Mid Wales

Cabinet archives show 'Margaret Thatcher U-turn over Welsh TV channel'

  • 30 December 2011
  • From the section Mid Wales
Margaret Thatcher
Image caption Margaret Thatcher did not want to encourage Welsh nationalism over the issue

Margaret Thatcher agreed to a U-turn and backed the creation of a Welsh-language TV channel over fears of inflaming nationalism, say cabinet papers.

A hunger strike threat by ex-Plaid Cymru MP Gwynfor Evans contributed to the government fulfilling its pledge.

Details emerge in newly-released National Archives files for 1981.

They show the prime minister was talked out of plans for Welsh broadcasts on two channels during a cabinet meeting.

S4C was launched in 1982.

"That really was quite a U-turn by Margaret Thatcher's government," said Mark Dunton, a records specialist from the National Archives.

"The file that's been released today shows the point at which Willie Whitelaw, the Home Secretary reversed the government's position.

"That really was forced upon him in many ways by Gwynfor Evans' action and the whole campaign that got behind Gwynfor Evans on Welsh language broadcasting."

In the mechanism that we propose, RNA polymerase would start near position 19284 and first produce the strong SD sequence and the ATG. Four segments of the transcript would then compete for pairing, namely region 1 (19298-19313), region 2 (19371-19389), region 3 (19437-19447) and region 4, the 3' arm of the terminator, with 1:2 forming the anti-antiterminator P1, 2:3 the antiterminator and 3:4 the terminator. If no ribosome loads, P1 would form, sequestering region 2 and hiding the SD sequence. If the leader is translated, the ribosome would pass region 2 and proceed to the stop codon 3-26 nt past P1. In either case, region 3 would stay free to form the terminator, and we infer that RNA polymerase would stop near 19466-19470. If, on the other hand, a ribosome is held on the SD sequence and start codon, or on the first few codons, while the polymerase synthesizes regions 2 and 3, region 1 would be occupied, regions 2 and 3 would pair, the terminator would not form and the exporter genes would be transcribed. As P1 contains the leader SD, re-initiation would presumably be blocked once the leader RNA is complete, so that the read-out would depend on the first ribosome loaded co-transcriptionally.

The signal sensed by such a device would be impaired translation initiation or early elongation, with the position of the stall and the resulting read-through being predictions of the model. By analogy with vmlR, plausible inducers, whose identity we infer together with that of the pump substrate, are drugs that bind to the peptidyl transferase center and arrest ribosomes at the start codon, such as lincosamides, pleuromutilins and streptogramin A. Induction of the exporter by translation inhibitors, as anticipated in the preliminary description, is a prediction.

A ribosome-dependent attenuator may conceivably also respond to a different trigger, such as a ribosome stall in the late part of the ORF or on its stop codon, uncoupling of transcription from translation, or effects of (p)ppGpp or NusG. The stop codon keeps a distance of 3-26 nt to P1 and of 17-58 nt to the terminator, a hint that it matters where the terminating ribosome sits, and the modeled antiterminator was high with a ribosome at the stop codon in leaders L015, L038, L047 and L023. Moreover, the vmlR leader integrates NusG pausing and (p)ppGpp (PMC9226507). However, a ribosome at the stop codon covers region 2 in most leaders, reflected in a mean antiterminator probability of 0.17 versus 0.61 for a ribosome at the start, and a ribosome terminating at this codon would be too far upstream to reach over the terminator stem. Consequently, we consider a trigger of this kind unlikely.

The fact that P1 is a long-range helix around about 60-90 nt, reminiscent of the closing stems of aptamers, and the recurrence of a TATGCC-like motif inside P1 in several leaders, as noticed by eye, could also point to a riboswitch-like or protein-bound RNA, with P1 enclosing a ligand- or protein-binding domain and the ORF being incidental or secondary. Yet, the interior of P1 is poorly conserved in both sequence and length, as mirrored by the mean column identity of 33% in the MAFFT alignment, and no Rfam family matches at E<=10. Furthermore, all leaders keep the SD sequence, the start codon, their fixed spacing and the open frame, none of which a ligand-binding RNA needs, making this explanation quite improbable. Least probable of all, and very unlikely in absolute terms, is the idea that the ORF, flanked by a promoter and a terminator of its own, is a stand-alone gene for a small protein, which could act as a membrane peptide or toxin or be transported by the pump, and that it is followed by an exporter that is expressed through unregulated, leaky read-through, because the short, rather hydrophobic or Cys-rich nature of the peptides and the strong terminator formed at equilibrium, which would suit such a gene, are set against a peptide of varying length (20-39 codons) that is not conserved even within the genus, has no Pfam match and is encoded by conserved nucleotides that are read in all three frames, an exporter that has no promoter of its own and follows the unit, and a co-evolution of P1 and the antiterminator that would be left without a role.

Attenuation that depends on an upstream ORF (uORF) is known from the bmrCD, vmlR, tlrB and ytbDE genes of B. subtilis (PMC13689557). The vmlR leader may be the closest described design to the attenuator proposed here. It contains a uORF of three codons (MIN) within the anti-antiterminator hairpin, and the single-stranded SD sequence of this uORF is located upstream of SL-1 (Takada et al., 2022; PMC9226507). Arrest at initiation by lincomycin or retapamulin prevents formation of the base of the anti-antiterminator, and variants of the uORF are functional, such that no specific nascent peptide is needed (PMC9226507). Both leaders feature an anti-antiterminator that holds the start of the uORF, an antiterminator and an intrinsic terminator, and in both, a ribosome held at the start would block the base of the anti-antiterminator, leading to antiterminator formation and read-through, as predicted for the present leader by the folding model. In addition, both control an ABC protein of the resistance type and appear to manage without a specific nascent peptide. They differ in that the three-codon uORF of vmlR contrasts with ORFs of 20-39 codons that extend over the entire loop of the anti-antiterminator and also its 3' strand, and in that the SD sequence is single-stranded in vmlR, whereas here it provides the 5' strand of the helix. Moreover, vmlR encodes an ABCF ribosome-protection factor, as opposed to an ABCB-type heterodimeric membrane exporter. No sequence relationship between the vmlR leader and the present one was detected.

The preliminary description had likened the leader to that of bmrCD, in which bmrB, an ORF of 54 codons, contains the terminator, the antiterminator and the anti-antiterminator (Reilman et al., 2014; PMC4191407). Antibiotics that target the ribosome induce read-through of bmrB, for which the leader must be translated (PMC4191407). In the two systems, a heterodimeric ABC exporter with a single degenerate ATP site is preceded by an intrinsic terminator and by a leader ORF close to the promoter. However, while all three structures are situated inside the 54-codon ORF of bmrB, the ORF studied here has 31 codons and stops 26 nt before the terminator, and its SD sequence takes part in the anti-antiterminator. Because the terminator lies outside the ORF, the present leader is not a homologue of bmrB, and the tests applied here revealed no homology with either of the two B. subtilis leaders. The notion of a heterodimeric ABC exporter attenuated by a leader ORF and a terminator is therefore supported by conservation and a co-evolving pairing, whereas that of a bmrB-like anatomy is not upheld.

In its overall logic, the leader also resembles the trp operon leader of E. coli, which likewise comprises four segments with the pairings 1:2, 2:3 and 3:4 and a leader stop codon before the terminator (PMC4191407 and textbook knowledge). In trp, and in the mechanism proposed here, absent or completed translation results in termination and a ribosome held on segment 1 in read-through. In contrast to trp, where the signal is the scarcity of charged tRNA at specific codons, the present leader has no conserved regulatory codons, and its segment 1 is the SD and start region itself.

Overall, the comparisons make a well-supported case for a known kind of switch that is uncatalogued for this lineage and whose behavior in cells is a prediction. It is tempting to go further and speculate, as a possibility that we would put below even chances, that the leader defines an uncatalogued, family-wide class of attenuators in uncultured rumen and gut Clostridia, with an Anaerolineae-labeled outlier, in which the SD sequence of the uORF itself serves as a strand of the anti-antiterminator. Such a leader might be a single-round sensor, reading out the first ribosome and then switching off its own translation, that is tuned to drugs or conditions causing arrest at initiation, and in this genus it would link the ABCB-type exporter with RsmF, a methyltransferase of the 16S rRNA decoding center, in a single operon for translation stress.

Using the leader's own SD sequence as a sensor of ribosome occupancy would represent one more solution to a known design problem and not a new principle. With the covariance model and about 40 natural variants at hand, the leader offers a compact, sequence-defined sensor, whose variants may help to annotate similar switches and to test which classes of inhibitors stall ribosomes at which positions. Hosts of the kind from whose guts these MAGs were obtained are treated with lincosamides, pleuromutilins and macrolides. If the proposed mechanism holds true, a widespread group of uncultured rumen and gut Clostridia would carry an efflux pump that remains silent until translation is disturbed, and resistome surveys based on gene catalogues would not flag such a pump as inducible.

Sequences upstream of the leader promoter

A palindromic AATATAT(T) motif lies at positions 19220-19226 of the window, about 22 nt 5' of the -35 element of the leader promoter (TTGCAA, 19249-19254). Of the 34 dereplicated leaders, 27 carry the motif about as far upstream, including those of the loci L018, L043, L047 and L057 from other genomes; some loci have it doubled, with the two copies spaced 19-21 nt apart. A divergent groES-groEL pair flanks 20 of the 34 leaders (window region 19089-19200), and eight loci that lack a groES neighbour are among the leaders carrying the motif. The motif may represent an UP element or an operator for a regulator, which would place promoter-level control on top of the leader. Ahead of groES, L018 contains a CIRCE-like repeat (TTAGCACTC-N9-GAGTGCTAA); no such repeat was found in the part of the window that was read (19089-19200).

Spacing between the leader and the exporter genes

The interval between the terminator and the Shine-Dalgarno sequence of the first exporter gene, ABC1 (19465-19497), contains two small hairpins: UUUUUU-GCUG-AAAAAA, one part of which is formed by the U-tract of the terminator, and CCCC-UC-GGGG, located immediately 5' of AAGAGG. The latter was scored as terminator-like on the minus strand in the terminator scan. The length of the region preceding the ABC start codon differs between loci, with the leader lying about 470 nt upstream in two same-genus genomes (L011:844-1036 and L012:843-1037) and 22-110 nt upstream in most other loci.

'Taken aback'

This file covers financing arrangements for the fourth channel, including concerns that advertisers may be put off by the "minority appeal of the channel", and proposals for Welsh language television.

Image caption Home Secretary William Whitelaw and Welsh Secretary Nicholas Edwards were 'taken aback'

This includes correspondence about the threatened hunger strike by Evans if the government did not implement its manifesto commitment to a Welsh language channel.

This stance forced the government's hand so as not to inflame Welsh nationalism, according to the archives.

Mr Dunton added: "You see in the files how Willie Whitelaw and Nicholas Edwards, the Secretary of State for Wales at the time, how they were taken aback really by the sheer strength of feeling.

"Gwynfor Evans' pledge that he was going to go on a hunger strike unless the government changed its position on Welsh language broadcasting caused alarm in government.

"It caused worry and in the end, Whitelaw in particular felt 'we really do need to change our position'.

"The Archbishop of Wales intervened, you can see accounts of the meetings in the file.

"You also see how Mrs Thatcher was concerned about 'if we give in on this will others start challenging this as well. In fact will we be encouraging Welsh nationalism'. You see that in the file as well."

Cabinet concerns were also revealed in earlier papers released in 2010 under the 30-year disclosure rule.

More on this story

Related Internet links

The BBC is not responsible for the content of external Internet sites